Like for many in the tech industry, and beyond, the case of Aaron Swartz touched a nerve with me. We live in an era where government has few boundaries and the threat of legal action carries as much consequence as successful prosecution. Tyranny is a strong word but it comes in many sanctioned forms, government regulation is perhaps the most insidious because it exists as a sanctioned form of the onerous execution of power.

The last decade has also brought with it a convergence of public, personal, and corporate identity as social networks have transformed the manner by which we can communicate with the world around us. For the most part I have no quarrel with this new reality and find the personal identity that is often now wrapped around business personality to be refreshing and useful. It is causing us to rewrite the rules in realtime as professionals adapt to living in a world where commentary that would previously have been narrowcast can accelerate into the public domain at lightening speed.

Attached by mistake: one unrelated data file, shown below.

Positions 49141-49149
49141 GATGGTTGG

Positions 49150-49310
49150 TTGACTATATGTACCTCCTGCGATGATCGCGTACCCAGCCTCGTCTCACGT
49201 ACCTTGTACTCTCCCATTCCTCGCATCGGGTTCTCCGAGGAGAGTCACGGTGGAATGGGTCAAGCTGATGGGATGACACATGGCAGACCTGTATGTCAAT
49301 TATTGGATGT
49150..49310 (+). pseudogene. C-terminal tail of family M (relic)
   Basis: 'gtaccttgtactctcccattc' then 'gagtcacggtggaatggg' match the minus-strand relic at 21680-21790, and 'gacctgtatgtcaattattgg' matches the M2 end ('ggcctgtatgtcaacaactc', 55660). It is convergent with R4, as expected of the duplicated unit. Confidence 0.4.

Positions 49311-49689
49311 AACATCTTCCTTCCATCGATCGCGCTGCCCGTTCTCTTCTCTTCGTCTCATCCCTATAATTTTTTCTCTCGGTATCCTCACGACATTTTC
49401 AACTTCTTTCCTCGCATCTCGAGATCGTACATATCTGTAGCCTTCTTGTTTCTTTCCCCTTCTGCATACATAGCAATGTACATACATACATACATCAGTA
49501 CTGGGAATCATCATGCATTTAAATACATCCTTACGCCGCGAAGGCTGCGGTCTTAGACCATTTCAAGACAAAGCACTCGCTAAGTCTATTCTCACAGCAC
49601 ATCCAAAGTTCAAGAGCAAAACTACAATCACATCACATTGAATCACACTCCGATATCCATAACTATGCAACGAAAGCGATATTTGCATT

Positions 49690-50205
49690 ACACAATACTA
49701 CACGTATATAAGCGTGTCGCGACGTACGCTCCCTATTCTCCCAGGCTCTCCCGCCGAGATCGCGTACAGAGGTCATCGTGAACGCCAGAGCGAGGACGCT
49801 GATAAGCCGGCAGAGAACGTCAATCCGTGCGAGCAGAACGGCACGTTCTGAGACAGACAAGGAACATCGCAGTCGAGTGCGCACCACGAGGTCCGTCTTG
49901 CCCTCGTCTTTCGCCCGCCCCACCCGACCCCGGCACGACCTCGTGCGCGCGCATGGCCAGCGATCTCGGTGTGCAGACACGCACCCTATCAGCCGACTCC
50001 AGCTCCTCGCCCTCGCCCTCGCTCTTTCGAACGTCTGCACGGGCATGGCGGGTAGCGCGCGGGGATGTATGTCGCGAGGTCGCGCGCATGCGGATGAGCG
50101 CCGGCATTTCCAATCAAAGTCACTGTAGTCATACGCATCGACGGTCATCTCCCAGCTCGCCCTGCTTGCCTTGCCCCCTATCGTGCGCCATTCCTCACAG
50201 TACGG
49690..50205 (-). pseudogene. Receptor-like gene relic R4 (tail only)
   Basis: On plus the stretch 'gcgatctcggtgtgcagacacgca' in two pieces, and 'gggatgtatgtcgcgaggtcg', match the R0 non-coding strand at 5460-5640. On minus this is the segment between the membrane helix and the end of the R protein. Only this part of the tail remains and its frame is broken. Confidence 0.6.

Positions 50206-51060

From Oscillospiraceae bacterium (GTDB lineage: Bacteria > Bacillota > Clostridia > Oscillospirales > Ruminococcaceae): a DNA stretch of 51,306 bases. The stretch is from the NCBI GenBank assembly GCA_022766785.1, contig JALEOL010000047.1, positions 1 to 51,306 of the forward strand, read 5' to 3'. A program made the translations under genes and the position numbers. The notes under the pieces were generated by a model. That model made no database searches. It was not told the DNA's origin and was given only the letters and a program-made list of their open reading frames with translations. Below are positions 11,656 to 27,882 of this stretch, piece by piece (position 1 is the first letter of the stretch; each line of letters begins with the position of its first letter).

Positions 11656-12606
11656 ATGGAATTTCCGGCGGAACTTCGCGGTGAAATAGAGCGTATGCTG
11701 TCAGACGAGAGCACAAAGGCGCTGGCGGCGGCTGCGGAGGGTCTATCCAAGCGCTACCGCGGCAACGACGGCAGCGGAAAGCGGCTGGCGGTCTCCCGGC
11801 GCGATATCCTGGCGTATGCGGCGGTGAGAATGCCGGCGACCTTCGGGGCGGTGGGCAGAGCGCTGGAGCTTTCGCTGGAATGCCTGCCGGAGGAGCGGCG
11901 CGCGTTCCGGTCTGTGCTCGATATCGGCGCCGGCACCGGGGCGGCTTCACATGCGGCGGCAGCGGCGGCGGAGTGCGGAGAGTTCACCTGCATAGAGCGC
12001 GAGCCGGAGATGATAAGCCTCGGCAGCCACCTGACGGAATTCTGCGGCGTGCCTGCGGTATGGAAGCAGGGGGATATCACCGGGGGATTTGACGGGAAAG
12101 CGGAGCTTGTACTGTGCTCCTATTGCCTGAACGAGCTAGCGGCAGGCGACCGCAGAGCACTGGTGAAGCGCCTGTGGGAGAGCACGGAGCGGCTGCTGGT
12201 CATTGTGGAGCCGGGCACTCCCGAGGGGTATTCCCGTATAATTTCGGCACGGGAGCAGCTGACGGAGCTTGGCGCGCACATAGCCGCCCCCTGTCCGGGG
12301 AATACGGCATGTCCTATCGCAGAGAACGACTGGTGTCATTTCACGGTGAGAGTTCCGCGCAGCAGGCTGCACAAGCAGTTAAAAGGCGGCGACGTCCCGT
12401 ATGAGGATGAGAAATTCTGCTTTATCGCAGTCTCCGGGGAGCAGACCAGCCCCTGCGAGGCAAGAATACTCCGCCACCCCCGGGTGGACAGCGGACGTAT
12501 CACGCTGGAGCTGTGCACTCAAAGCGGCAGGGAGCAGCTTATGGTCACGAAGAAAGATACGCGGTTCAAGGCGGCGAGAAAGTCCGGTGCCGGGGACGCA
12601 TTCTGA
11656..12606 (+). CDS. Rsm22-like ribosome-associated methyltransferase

One such case of this is the tweets of Tom Dolan, a business development executive at IBM (in the social area no less) who has taken to the twittersphere to defend the prosecutor in the Swartz case, Carmen Ortiz, who also happens to be his wife.

I can find no fault with a man standing up for his wife, or vice versa, but in this case the unique circumstances of the case and the fact that it is centered on technology law make it perilous ground to air public comments in if you are an executive for a tech company. IBM has, if I recall correctly, a pretty liberal social media policy but given that Dolan is in a partner facing capacity around technology that is directly related to the tragic Swartz case, it would seem prudent to simply stay quiet.